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Cardiomyopathy – Symptoms, Causes, and Treatment in Waco, TX



Cardiomyopathy is a disease of the heart muscle (myocardium) that makes it difficult for the heart to pump blood to the other parts of the body. It makes the heart works much more than it is supposed to pump blood.

Symptoms of Cardiomyopathy

It is a progressive disease. Individuals with cardiomyopathy might not have any symptoms in the early stages of the disease. As the disease progresses, symptoms usually begin to appear. Symptoms include:

  • Fatigue
  • Heart palpitations
  • Chest discomfort or pressure
  • Dizziness or Lightheadedness
  • Fainting
  • High blood pressure
  • Breathlessness or difficulty breathing, particularly during activity or exercise
  • Coughing, particularly when lying down
  • Difficulty lying down flat to sleep
  • Swelling in the legs, ankles, and feet
  • Bloating of the abdomen

Causes of Cardiomyopathy

Causes of Cardiomyopathy
Causes of Cardiomyopathy

The cause is often not known. It can either be inherited or acquired.

  • Inherited cardiomyopathy is inherited from parents.
  • Acquired cardiomyopathy is developed as a result of a health condition, disease, or some other type of illness such as infections in the heart muscle, coronary artery disease, etc.

 Risk Factors

Certain factors increase its risk. Risk factors include:

  • Cardiac arrest or heart failure
  • Coronary artery disease
  • Chronic high blood pressure
  • Damage to the heart from a heart attack
  • Infections in the heart muscle
  • Heart valve disorders
  • COVID-19 infection
  • Diabetes
  • Obesity
  • Thyroid disease
  • A family history of this disease
  • Excessive intake of alcohol for many years
  • The buildup of iron in the heart muscle (Hemochromatosis)
  • Growth of tiny lumps of inflammatory cells in the body (Sarcoidosis)
  • The buildup of abnormal proteins in the organs of the body (Amyloidosis)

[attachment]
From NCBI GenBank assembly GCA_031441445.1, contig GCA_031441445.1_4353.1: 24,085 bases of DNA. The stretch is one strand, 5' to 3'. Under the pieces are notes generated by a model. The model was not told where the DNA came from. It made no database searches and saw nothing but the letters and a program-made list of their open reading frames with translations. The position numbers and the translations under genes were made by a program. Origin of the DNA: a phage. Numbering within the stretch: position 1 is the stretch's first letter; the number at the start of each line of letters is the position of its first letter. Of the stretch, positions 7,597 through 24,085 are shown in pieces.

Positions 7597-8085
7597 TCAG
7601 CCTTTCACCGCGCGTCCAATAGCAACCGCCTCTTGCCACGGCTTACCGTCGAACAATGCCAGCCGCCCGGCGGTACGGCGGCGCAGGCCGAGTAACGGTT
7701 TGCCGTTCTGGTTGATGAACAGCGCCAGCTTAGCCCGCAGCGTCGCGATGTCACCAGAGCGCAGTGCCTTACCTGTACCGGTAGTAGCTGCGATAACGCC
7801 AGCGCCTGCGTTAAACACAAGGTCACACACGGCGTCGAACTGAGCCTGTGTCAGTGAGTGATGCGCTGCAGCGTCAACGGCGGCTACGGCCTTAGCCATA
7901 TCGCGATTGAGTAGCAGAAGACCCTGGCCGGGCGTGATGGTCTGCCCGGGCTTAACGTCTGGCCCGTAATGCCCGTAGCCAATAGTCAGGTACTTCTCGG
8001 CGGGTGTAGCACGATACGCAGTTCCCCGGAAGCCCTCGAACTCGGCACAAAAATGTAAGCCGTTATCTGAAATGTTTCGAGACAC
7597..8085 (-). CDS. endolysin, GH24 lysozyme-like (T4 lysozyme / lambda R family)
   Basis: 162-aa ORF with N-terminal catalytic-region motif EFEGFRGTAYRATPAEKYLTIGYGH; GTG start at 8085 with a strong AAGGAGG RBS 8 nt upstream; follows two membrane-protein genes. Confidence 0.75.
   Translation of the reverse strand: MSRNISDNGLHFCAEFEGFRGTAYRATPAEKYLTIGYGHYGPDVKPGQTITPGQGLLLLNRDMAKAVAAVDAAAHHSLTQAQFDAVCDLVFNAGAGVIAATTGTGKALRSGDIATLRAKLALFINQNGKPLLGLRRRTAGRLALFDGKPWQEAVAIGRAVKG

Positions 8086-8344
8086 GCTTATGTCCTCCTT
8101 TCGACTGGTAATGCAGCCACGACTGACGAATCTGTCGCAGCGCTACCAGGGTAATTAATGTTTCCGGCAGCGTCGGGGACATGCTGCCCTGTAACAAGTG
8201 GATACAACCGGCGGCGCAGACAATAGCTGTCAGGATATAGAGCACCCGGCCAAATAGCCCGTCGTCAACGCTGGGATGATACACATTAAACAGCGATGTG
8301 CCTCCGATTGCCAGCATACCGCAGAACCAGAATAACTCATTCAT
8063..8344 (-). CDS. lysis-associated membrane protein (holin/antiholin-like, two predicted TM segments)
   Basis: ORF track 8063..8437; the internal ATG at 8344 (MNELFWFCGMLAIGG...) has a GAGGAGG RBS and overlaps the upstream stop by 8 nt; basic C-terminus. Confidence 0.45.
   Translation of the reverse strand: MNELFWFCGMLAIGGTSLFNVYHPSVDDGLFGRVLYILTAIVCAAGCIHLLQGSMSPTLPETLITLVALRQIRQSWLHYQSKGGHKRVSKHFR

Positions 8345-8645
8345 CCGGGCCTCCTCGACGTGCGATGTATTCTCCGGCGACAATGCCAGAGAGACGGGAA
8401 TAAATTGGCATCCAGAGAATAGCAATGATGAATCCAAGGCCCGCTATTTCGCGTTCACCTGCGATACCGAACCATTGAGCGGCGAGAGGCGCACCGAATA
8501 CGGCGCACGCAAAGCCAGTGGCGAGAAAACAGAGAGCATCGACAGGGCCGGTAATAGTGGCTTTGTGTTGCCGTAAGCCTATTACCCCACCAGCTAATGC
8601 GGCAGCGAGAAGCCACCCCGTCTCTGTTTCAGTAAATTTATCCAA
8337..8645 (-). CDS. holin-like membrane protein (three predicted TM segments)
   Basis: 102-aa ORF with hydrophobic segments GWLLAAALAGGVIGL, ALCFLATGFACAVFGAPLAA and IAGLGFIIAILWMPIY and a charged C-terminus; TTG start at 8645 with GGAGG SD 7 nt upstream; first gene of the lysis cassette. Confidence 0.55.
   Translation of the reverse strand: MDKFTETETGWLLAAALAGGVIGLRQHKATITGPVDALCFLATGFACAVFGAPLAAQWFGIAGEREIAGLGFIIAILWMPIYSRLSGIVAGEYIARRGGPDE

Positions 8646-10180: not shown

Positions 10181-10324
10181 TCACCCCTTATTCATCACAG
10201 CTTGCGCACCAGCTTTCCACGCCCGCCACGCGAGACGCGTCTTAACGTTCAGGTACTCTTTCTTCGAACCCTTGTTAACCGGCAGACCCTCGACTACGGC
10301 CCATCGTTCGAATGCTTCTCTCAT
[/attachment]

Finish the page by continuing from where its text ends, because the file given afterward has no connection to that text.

• Connective tissue disorders
  • Lack of essential vitamins or minerals in the body, such as vitamin B-1
  • Use of cocaine or amphetamines
  • Some types of cancer medications
  • Exposure to toxins



During diagnosis, your personal medical and family medical history will be reviewed. You will be asked to describe your symptoms. A physical exam will be conducted. Several tests may be ordered to confirm the diagnosis. These tests include:

  • Chest X-ray
  • Blood tests
  • Echocardiogram
  • Electrocardiogram
  • Cardiac CT scan
  • Cardiac MRI
  • Cardiac catheterization
  • Treadmill stress test
  • Coronary angiography
  • Myocardial biopsy
  • Genetic testing or screening

Treatment of Cardiomyopathy in Waco, TX

Cardiomyopathy can’t be cured. Treatment is aimed at reducing and managing symptoms, preventing the condition from getting worse, and reducing the risk of complications.

Treatment options include:


Your doctor may prescribe medications for cardiomyopathy to help:

  • Improve the ability of the heart to pump blood to the other parts of the body
  • Improve blood flow
  • Lower blood pressure
  • Slow heart rate
  • remove extra fluid from the body
  • Prevent blood clots

Nonsurgical Procedures

Nonsurgical procedures that can be used to treat cardiomyopathy include:

1. Septal ablation 

This procedure is used to destroy a small portion of the thickened heart muscle. The procedure involves injecting alcohol through a catheter into the artery supplying blood to the thickened area to destroy it.

2. Radiofrequency ablation 

This procedure is used to treat irregular heart rhythms. The procedure involves guiding catheters through the arteries to the heart. Electrodes are placed at the tip of the catheter which transmits radiofrequency heat to damage a small portion of the heart tissue that is causing the irregular heart rhythm.